Bichler and Nitzan also argue that because it is difficult to quantify a way to measure abstract labor, researchers are forced to make assumptions.

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In other words, the researcher assumes precisely what the labour theory of value is supposed to demonstrate. The economic calculation problem is a criticism of socialist economics or, more precisely, of centralized socialist planned economies. The free market solution is the price mechanism , wherein people individually have the ability to decide how a good should be distributed based on their willingness to give money for it.

The price conveys embedded information about the abundance of resources as well as their desirability which in turn allows on the basis of individual consensual decisions corrections that prevent shortages and surpluses.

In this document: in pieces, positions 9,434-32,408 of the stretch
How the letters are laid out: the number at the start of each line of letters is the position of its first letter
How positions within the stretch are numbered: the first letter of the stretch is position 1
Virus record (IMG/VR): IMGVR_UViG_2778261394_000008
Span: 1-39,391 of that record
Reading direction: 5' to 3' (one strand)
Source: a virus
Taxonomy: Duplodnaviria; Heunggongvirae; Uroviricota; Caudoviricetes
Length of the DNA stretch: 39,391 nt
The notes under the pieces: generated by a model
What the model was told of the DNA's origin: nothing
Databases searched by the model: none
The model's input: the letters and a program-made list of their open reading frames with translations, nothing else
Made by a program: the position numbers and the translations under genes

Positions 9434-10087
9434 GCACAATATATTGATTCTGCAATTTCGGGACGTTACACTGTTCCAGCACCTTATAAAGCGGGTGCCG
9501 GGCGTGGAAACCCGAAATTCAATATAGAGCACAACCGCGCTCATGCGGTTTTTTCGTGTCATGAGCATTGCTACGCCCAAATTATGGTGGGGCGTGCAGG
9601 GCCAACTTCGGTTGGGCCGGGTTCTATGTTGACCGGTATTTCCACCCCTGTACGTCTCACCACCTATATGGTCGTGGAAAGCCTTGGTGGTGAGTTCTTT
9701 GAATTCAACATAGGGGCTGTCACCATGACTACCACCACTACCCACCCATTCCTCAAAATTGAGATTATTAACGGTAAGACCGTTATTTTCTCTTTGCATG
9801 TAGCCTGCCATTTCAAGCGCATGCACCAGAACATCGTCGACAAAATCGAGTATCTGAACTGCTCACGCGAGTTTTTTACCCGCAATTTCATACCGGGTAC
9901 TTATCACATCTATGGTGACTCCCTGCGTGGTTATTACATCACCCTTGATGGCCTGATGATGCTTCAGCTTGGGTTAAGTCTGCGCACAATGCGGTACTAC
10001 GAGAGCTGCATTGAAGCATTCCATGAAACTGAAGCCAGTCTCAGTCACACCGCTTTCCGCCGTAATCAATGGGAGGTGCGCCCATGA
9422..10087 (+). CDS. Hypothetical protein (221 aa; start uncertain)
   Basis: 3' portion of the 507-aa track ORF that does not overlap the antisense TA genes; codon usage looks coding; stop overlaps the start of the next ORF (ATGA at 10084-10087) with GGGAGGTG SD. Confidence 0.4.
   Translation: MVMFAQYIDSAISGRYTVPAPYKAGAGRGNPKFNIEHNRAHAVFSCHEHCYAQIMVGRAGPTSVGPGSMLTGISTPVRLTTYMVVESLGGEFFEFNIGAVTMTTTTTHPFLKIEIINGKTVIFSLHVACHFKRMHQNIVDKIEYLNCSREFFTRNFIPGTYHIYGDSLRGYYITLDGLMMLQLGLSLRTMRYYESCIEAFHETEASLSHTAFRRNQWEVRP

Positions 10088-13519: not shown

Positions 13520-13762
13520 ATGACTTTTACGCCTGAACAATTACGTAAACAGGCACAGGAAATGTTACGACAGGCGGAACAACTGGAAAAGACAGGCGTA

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Mises and Hayek argued that this is the only possible solution and, without the information provided by market prices, socialism lacks a method to rationally allocate resources. The debate raged in the s and s and that specific period of the debate has come to be known by economic historians as the socialist calculation debate. Some critics of socialism argue that income sharing reduces individual incentives to work and therefore incomes should be individualised as much as possible.

They further argue that incentives increase productivity for all people and that the loss of those effects would lead to stagnation. It is the common error of Socialists to overlook the natural indolence of mankind; their tendency to be passive, to be the slaves of habit, to persist indefinitely in a course once chosen. Let them once attain any state of existence which they consider tolerable, and the danger to be apprehended is that they will thenceforth stagnate; will not exert themselves to improve, and by letting their faculties rust, will lose even the energy required to preserve them from deterioration.